Sir Thomas Phillipps, collector of the largest collection of privately owned books in the world, was born at 32 Cannon Street, Manchester, on 2nd July 1792 and he was baptised later that month in Manchester Cathedral. He was the third son of Thomas Phillipps, calico manufacturer and printer of Manchester. Thomas’s mother, Hannah Judd (née Walton), from Yorkshire, played no part in his upbringing.
Although Thomas spent the first few years of his life in Manchester, his paternal grandparents lived near Broadway. His grandfather, William Phillipps, who was born in London in 1712, farmed several hundred acres in the area surrounding Broadway, Childswickham and Buckland. Thomas’s grandmother, Mary (née Cotterell), was born in 1713 in nearby Saintbury. Mary died in 1800 and is buried in Snowshill, Gloucestershire.
The Middle Hill Estate, Broadway
When Thomas’s father retired in 1794 he purchased Middle Hill, Broadway, a large house situated above the village beneath Broadway Tower. The family moved in to the Middle Hill estate in 1796 where Thomas started his collection of books. Thomas spent all of his pocket money on books and by the age of six had already collected over 110 books.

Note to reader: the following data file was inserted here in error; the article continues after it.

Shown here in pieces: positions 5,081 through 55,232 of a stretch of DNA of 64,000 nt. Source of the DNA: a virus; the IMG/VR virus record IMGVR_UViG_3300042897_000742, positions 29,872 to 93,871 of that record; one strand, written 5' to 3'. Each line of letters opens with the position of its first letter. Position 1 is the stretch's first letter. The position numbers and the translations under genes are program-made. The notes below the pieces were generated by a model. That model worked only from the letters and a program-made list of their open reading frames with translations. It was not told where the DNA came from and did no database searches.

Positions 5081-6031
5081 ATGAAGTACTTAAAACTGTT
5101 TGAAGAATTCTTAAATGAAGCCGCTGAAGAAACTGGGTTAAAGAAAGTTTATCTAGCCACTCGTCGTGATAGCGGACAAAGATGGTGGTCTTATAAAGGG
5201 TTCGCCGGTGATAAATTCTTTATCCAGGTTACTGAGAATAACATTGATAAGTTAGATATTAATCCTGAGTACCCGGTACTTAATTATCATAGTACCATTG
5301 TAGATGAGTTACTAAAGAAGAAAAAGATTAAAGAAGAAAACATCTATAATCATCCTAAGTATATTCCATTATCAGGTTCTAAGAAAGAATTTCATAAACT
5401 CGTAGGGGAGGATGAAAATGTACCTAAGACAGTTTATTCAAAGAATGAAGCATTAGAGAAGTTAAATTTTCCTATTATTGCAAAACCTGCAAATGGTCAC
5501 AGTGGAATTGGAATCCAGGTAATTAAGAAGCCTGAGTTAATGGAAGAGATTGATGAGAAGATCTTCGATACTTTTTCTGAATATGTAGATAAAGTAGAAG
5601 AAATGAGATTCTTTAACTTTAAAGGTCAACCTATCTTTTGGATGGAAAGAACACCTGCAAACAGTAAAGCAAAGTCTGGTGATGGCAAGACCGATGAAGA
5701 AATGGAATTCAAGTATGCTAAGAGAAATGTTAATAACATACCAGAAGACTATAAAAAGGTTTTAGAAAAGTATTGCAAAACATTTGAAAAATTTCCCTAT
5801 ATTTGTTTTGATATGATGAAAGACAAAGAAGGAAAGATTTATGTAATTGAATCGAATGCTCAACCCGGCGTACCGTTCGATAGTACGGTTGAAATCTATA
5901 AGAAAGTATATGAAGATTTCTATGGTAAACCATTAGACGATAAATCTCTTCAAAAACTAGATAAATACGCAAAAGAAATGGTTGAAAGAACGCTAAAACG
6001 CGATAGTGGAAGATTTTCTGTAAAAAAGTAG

Thomas was educated locally until 1807 (it is likely that he had a private tutor or governess). He went on to Rugby School before studying at University College, Oxford, for four years. It was at Oxford that Thomas continued to collect rather than merely research and catalogue old books and manuscripts. His hobby proved to be expensive in both time and money. Thomas needed a private tutor to help him prepare for examinations and although he was given access to an annual income of £6000 upon the death of his father on 1st November 1818, the Middle Hill estate was left in trust so that it could not be sold to further expand Thomas’s growing collection.